We spent our four weeks’ elective programme at the De Soysa Women’s hospital in Colombo. The hospital, initially called the De Soysa Lying-In-Home, was founded in 1879 by a businessman named Sir Charles Henry de Soysa and is the second oldest maternal care centre in Asia. It was established with the purpose to provide maternal care for women with poor socioeconomic status, who by the time of foundation did not have access to proper maternal health care. Furthermore, the first Caesarean section in Sri Lanka was performed in the De Soysa Lying-in-Home in 1905. Since then, the hospital has played an important part in the development of improved maternal health care and in the education of obstetricians, gynaecologists, nurses, midwives and medical students (Seneviratne, 2004).

Colombo and its hospitals have been exposed to violence and disasters, as it suffered from the civil war that lasted between 1983 and 2009, as well as the tsunami in 2004 that destroyed parts of the city and killed thousands of people. When considering the preconditions and circumstances, it is impressive to notice that the quality of Sri Lanka’s healthcare still matches those of the wealthier countries (BBC, 2018).

B. Field Observations

Coming from a country where a delivery room holds one mother and her partner at a time, the number of patients held per square meter in the wards and in the labour rooms was sufficient to amaze us. For example, a ward held about 30 beds in the same room and there could be up to six women in the labour room simultaneously. Another surprise was delivered when we entered the outpatient clinics of De Soysa Hospital for Women. The doctors in those clinics could see 15 to 20 patients in two hours, which would roughly be equivalent to a day’s work in a Swedish outpatient clinic.

That there were several doctors working separately with different patients around the same table was also dissimilar to Swedish practice. In Sweden, integrity is highly valued and the strict confidentiality of each patient is legally established. Therefore, it was surprising to see how relaxed and natural the Sri Lankan women were among each other. The tranquil approach of the patients regarding gynaecological and obstetrical topics seemed to facilitate practice for the heavy burdened Sri Lankan doctors and was something that we were highly impressed by during our elective.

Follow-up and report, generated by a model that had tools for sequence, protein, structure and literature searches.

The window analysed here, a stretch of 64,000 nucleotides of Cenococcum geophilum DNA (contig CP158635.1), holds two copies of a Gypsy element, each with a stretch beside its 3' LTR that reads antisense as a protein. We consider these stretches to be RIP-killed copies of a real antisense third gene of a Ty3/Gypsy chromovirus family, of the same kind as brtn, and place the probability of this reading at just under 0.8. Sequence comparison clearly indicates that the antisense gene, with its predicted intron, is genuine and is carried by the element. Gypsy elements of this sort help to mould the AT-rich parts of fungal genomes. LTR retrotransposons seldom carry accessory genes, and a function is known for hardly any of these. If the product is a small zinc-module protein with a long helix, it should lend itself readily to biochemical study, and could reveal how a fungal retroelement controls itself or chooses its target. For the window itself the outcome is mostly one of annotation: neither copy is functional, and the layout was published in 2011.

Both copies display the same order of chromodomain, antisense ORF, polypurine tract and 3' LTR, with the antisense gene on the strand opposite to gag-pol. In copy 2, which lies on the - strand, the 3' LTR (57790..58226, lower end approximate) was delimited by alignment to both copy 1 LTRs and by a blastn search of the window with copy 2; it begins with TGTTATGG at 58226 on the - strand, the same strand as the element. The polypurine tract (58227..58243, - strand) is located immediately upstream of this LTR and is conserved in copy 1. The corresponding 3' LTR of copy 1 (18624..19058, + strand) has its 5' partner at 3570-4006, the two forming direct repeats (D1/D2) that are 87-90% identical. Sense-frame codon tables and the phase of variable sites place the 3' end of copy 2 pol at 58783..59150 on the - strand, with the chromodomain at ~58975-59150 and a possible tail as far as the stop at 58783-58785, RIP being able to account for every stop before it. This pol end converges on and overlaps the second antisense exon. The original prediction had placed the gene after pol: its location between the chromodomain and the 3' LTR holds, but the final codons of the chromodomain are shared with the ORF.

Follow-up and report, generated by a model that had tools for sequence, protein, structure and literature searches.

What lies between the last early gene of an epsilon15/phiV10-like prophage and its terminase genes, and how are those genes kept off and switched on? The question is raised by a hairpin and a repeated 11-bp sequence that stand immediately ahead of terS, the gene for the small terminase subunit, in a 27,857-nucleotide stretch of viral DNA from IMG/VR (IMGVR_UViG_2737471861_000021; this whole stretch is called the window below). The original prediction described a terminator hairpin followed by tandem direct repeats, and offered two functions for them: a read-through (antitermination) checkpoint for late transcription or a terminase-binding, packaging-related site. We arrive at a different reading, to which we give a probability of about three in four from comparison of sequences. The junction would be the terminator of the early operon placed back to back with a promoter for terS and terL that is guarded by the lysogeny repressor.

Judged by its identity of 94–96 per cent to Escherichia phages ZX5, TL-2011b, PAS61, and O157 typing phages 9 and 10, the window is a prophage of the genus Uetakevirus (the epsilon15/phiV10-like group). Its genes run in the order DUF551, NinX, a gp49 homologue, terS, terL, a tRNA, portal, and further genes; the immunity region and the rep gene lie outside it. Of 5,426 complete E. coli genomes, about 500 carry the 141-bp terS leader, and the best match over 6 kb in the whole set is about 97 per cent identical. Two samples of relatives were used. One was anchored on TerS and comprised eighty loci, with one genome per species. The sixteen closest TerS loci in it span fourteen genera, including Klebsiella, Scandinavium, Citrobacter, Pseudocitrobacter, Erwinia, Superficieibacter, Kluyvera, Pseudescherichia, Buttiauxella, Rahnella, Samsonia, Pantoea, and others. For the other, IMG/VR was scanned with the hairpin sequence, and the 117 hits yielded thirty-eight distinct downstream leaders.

As proclaimed by our previous elective colleagues, the Sri Lankan doctors proved to have great depth of knowledge regarding physiology and clinical assessment. Luckily, throughout our stay at the De Soysa Hospital, doctors in general were very generous in sharing their knowledge with us, and teaching was regarded importantly by all staff members. The teaching approach in Sri Lanka is different from the one that is practiced in our country of residence. In Sweden students are encouraged to discuss, theorise and not to act too confident, whereas in Sri Lanka we were rebuked for using the word “maybe” when answering a question.

C. Learning Environment in the De Soysa Women’s Hospital

The learning environment in the outpatient clinic was quite different compared to what we are used to in Sweden. In Sri Lanka, the number of patients seen per doctor was substantially higher than in Sweden. This created a somewhat hectic learning environment but also provided an opportunity to discuss a large number of interesting cases in an efficient manner. We strongly feel that it was advantageous for us to partake in the outpatient clinics and it has been shown to be beneficial for students as it provides insight in various clinical topics and increased case exposure (Almoallim et al., 2015).

A common teaching method in Sweden is the discussion of prewritten patient cases in a classroom setting, whereas in Sri Lanka every patient is available for bedside case discussion. Applying theoretical knowledge on real patient cases seems to facilitate and rationalise learning as this allows for a holistic approach to learning (Salam, Siraj, Mohamad, Das & Rabeya, 2011). Unfortunately, because of a different perspective on patient integrity and high demands on patient-doctor communication, this kind of teaching is not applicable in Sweden.

We experienced a more pronounced hierarchy in Sri Lanka than in Sweden. This also affected the method of teaching, resulting in a more authoritarian approach. Not only were we unused to calling elder colleagues Sir and Madam, but also to the way hierarchy allowed for more experienced doctors to dictate the terms of the department. Questions were posed in a manner expecting straight and correct answers, not leaving any room for hesitation or speculation. Even though we were unfamiliar with this authoritarian climate, we still felt included and expected to partake in everyday work in a more natural manner than in Sweden.

D. Ethical Dilemmas Encountered as an Elective